Tom pursues Myrtle Wilson, a poor woman living in the industrialized ‘Valley of Ashes’ with her struggling mechanic husband. Myrtle, dissatisfied with her position in society, gladly spends Tom’s money and follows him wherever he goes. Following an attempt by Myrtle to rebel by saying Daisy’s name, Tom punches her in the face to prove that he has control. Myrtle is resigned to accept this abuse in order to get what she wants out of the relationship because she knows that anyone could easily take her place. In addition, Daisy begins seeing her former flame Jay Gatsby once she rediscovers his existence in West Egg. Gatsby, absolutely enamored with Daisy, claims to have earned all of his money and risen to the top just for her. Despite Daisy’s renewed interest in Gatsby, she dislikes his extravagant parties and West Egg, disgusted by ‘the too obtrusive fate that herded its inhabitants along a short cut from nothing to nothing’ (114). Daisy’s distaste for the ‘new money’ crowd sends Gatsby into a panic, and he immediately attempts to rectify his ‘mistake’ by eliminating the parties entirely, proving that Daisy is able to control him by her pretentious whims
The Great Gatsby, by F. Scott Fitzgerald, is told from the perspective of one of the main characters, Nick Carraway. Nick tells the story of a man named Jay Gatsby, who is his neighbor in the West Egg. Fitzgerald portrays Gatsby as a man who everyone wants to know and copy but deep down are very envious of him. Gatsby trusts few people and those whom he trusts know his life story. To everyone else, he is a mystery. Everyone seems obsessed with Jay Gatsby. For this reason the novel revolves about rumors of Gatsby rather than the truth.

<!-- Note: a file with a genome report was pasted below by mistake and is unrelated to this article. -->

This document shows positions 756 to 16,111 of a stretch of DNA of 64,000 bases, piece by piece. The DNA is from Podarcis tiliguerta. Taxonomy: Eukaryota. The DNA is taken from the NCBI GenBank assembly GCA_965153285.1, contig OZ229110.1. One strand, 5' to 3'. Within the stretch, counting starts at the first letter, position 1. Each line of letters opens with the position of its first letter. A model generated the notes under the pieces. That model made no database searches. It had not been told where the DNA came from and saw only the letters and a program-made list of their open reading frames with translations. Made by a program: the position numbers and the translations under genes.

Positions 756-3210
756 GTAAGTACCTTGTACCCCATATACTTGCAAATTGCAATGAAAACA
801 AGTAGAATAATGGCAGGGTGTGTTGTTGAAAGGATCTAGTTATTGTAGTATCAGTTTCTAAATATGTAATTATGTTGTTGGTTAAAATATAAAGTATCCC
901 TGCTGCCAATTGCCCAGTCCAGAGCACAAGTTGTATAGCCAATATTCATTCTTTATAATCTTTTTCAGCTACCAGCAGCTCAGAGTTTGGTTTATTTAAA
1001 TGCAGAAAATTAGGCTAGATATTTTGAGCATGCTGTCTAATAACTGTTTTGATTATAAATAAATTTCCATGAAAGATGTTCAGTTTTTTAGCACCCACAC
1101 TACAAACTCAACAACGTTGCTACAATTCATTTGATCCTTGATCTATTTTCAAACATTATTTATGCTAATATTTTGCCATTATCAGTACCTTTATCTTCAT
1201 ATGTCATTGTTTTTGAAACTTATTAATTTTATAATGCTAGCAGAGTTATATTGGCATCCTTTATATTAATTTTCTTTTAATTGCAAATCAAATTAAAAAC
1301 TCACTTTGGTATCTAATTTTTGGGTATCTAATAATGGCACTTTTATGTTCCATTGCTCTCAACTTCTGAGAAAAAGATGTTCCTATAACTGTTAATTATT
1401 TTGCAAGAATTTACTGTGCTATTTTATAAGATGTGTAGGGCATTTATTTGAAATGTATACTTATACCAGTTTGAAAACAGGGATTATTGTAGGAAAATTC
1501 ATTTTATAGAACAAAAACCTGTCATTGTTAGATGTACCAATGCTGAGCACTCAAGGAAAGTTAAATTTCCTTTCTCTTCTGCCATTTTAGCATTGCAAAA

The author uses the Valley of Ashes, a small town between the West Egg and New York City, to symbolize the moral and social decay that stems from the desire to become wealthy. The Valley of Ashes, "a fantastic farm where ashes grow like wheat into ridges and hills and grotesque gardens, where ashes take the forms of houses and chimneys and rising smoke and finally, with a transcendent effort, of men who move dimly and already crumbling through the powdery air symbolizes a morally stripped place where materialistic and false people can live in harmony. The unfortunate events that occur in the Valley of Ashes, including Gatsby's death, the affair between Tom and Myrtle and Myrtle's accidental death, represent the severe consequences stemming from the failed attempts at achieving the American Dream. As the characters travel through the Valley of Ashes to reach elsewhere, they are forced to belittle themselves to a lower social status, as seen when Tom engages in an affair with Myrtle, a poor-stricken woman, who solely provides another form of comfort. Serving as a symbol of social and moral destruction, the Valley of Ashes also symbolizes the condition in which the poorer American society lived during the 1920s. The description of the Valley of Ashes used through color symbolism, creates a melancholy atmosphere which allows the reader to connect the importance of the "desolate strip of land" to the negative personality changes, reflective of the 1920s, within the characters.